This is Not Your Father’s Business World
The late Steve Jobs was notorious for respecting only those who challenged him. Fortunately, sycophants are a dying breed.
The iron-willed “go-it-alone” CEO of years past is both rare and ill-suited for today’s complex and diverse business world. In this still-young 21st century, the world is more advanced, communication more accelerated, and technology more sophisticated than your father’s wildest dreams.
Employees, once dedicated, are now more autonomous and demanding–and less loyal. Capital access is more guarded while the Internet allows access to information and comparisons in ways no one could have imagined 20 years ago. While “go it alone” may seem to some a romantic ideal reminiscent of an earlier golden age, in reality the lone-wolf CEO occurs as an anachronism.
Today’s successful CEO relies on more candid communication and broader peripheral vision, leveraged through the insight of informed and trusted peers under an unwavering canopy of confidentiality. This often leads to healthy introspection, including questions such as: Who am I and what is my purpose?
The next-level CEO has learned to welcome the different perspectives and experiences of others, and recognizes the power of accountability. This is in sharp contrast to the old model of “go-it-alone” CEOs, many of whom continue to be paranoid, distrustful and insecure to the end. These CEOs often lack the emotional balance to give and get counsel within a well-structured peer accountability environment. Instead, they default to a position of relying on the biased input of others well-versed in telling the CEO “only what he or she wants to hear”—to the detriment of their personal growth; the wellbeing of their employees; and the success of their business.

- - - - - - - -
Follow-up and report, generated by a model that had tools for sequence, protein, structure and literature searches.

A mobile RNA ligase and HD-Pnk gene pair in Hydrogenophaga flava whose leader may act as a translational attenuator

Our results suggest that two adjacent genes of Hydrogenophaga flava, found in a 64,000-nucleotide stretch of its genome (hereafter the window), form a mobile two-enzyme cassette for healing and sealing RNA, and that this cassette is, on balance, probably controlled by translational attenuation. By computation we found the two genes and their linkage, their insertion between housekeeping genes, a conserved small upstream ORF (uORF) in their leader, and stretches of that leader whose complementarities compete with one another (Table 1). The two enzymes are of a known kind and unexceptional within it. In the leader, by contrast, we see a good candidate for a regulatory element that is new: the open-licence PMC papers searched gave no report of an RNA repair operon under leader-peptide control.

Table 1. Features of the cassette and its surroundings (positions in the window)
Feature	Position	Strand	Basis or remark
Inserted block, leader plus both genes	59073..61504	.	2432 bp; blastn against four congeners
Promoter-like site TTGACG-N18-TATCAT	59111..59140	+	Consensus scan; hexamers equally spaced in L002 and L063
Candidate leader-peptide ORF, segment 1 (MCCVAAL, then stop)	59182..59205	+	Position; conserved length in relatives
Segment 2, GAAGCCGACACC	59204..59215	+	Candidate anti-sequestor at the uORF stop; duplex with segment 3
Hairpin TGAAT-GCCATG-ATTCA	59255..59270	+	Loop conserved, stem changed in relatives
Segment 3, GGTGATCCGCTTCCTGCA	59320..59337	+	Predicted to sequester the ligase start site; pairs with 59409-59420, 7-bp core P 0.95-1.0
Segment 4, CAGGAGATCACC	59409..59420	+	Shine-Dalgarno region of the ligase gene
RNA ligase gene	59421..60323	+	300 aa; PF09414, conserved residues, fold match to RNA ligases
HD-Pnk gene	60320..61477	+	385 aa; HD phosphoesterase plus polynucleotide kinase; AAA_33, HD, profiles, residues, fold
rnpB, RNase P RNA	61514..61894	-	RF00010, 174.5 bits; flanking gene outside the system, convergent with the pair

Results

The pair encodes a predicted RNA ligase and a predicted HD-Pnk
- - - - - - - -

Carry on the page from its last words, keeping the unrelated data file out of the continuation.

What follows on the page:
The late Steve Jobs was notorious for respecting only those who challenged him. Fortunately, sycophants are a dying breed. Far better to give new CEOs a wide and diverse range of input, thinking, creativity and support that makes them happy and inspired. Overlay this with the grit, perseverance, fortitude, vision and focus equated with great CEOs, and we see that today’s CEOs are more relevant, with huge leverage at their disposal.
Often, one of these CFO/CEO special project engagements evolves into a mentoring relationship and/or a Board Position. Ideal situations are those Board positions that can efficiently utilize both Lead Director and Corporate Development skills. If not me directly, I have a bench of talented executives that stand ready and welcome that level of engagement.